Sunday, June 26, 2022

Newly designed Arboretum features will help improve water quality of Bradley Creek

WILMINGTON — From pervious pavement to the cognizant construction of buildings, improving the water quality of local water sources has been an ongoing effort and now, the New Hanover County Arboretum has received some upgrades to help improve the water quality of Bradley Creek.

“An innovative design was constructed to redirect stormwater runoff from the Arboretum’s roof-tops, paved areas and parking lots formerly flowing through storm pipes into the headwaters of Bradley Creek. Now, the runoff will flow into an engineered infiltration system located beneath the sandy soil of an existing low area, where it slowly percolates into the ground, allowing pollutants to be removed and improving the health of Bradley Creek. Community volunteers will be planting the area with native plants, which represents the final phase to the completion of this unique project,” according to a press release from the N.C. Coastal Federation.

According to the Federation, the planting event will emulate Wolfgang Oehme and James Van Sweden’s garden style of the ‘New American Garden.’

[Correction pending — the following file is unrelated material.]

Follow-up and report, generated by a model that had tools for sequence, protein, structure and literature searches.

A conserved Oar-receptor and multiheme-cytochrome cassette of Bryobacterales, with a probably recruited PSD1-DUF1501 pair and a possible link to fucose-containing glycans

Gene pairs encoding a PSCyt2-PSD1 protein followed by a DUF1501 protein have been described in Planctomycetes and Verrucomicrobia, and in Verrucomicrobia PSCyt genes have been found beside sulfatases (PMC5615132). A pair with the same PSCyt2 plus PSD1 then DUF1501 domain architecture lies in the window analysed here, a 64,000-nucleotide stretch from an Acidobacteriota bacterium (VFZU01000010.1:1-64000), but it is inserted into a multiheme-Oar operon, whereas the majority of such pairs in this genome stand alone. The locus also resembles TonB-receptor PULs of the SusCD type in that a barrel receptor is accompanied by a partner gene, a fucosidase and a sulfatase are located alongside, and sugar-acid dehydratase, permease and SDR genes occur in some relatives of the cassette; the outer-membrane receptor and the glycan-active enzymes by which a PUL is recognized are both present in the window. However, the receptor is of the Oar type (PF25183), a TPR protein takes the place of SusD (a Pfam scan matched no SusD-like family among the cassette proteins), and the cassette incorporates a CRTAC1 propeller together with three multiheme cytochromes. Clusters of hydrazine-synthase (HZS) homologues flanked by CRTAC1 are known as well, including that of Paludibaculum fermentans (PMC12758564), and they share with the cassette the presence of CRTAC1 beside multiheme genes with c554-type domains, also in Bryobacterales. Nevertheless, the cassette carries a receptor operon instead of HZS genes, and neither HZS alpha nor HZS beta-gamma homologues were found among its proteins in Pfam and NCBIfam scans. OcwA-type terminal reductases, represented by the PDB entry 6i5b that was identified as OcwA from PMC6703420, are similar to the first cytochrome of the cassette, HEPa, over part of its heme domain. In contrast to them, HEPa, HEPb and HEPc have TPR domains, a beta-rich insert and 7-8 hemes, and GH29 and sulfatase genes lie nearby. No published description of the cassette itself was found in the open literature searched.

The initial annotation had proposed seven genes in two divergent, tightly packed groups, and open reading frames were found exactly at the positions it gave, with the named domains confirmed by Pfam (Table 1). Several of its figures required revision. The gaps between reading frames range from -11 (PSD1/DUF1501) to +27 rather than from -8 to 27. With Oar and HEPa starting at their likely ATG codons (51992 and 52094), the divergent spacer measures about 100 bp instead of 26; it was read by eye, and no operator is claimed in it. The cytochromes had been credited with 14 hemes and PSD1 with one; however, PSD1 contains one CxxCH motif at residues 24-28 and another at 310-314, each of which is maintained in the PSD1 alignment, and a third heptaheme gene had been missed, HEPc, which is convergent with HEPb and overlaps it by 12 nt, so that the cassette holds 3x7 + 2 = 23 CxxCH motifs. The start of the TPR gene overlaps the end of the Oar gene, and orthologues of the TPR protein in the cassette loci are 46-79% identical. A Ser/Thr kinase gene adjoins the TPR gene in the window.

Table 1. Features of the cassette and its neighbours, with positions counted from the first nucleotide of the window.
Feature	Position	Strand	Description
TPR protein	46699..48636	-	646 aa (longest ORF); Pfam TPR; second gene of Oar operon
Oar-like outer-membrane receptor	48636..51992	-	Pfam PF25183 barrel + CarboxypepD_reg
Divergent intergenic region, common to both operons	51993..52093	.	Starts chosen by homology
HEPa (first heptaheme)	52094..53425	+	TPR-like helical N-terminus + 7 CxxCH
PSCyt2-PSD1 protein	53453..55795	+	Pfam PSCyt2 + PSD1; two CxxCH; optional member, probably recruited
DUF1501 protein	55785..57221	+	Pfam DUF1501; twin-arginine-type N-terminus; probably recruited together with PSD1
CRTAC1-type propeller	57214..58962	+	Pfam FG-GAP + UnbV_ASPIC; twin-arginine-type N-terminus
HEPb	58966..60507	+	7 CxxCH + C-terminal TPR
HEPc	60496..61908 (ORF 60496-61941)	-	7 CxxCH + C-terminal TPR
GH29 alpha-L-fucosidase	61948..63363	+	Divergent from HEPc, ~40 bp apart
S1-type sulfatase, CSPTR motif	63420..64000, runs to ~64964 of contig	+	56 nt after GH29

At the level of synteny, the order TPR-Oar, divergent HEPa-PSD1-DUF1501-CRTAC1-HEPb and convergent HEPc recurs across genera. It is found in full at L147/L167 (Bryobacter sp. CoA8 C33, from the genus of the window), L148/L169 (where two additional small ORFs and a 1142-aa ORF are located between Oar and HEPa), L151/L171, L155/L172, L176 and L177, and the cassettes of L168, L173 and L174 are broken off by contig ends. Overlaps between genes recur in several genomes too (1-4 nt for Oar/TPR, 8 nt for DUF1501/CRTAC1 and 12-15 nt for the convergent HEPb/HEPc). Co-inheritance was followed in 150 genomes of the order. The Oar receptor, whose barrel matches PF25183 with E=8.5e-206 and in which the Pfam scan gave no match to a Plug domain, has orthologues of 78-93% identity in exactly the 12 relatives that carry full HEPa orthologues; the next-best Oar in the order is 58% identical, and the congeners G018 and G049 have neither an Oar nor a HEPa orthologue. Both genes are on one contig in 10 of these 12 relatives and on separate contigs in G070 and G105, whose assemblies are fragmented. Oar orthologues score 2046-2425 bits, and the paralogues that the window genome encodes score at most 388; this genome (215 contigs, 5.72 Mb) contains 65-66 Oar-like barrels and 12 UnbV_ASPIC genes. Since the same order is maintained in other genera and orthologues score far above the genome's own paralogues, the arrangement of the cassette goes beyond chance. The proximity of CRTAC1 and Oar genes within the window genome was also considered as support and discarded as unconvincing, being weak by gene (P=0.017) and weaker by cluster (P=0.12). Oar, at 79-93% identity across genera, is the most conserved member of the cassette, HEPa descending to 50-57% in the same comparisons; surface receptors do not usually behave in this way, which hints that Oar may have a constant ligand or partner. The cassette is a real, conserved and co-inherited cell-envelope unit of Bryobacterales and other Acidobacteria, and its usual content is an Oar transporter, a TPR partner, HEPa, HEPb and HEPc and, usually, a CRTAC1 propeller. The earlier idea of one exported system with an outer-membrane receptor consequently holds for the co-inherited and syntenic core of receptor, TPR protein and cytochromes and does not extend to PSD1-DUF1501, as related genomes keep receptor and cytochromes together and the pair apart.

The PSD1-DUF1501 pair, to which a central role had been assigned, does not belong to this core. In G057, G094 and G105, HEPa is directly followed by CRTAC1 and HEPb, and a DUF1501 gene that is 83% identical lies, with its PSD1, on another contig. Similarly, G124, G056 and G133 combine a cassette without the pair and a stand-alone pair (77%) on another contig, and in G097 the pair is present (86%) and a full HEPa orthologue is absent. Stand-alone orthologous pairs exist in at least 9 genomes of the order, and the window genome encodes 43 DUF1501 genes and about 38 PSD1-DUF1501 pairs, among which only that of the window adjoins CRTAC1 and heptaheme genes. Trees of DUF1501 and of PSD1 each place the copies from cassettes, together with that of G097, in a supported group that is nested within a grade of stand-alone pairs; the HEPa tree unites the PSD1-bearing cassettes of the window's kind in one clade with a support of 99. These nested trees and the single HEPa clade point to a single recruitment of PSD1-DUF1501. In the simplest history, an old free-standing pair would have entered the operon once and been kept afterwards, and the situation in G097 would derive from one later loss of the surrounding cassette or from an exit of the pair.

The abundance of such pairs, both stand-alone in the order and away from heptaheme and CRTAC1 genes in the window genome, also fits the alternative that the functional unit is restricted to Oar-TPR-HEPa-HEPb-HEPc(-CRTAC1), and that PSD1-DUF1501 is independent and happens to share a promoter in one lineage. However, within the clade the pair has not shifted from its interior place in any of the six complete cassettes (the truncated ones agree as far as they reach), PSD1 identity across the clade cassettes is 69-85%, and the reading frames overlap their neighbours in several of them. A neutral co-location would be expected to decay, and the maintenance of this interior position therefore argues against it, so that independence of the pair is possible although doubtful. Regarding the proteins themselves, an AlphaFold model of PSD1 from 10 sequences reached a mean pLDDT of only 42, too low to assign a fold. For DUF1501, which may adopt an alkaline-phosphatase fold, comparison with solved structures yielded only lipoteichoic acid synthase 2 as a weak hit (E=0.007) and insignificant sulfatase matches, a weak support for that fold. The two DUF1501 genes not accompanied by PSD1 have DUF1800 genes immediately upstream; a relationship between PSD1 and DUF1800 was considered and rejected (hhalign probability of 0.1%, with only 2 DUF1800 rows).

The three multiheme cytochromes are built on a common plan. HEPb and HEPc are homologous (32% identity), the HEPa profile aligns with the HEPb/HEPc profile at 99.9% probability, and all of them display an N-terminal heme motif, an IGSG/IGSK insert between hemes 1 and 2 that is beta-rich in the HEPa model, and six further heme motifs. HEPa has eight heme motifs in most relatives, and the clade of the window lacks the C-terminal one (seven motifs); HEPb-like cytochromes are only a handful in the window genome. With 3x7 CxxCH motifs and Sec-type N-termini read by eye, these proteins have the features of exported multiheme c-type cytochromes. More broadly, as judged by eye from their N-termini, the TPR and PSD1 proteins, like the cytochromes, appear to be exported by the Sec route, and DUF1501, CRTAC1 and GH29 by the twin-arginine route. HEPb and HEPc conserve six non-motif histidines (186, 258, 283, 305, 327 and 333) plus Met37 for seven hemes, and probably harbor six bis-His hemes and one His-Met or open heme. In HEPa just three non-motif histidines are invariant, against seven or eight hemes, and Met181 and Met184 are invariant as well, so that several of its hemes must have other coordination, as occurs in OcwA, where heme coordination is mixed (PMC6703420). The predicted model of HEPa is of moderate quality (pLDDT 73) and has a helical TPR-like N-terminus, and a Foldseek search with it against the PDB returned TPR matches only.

“The newest additions to the Arboretum will be planted in the New American Garden style with layered masses of foliage full of color and texture. Native and low maintenance plants will be chosen that require little use of water, fertilizer or pesticides,” Lloyd Singleton, Director of Cooperative Extension at the New Hanover County Arboretum said. “The N.C. Cooperative Extension is excited to collaborate with the federation to improve our stormwater management. We are committed to reducing our stormwater runoff and improving water quality with the new stormwater infiltration zone. We hope that this can serve as a model for other commercial properties as well as provide inspiration for homeowners.”

This planting event will draw from the Arboretum’s robust volunteer corps and the federation’s internship program. After the final planting event, the project will be used to demonstrate this unique low impact development technique with the addition of educational signage along a self-guided walkway. The gardens attract approximately 70,000 visitors annually.

This project is sponsored by the federation, N.C. State University Cooperative Extension and New Hanover County Arboretum. It is one of a number of successful projects implemented under the Bradley and Hewletts Creek Watershed Plan.


 

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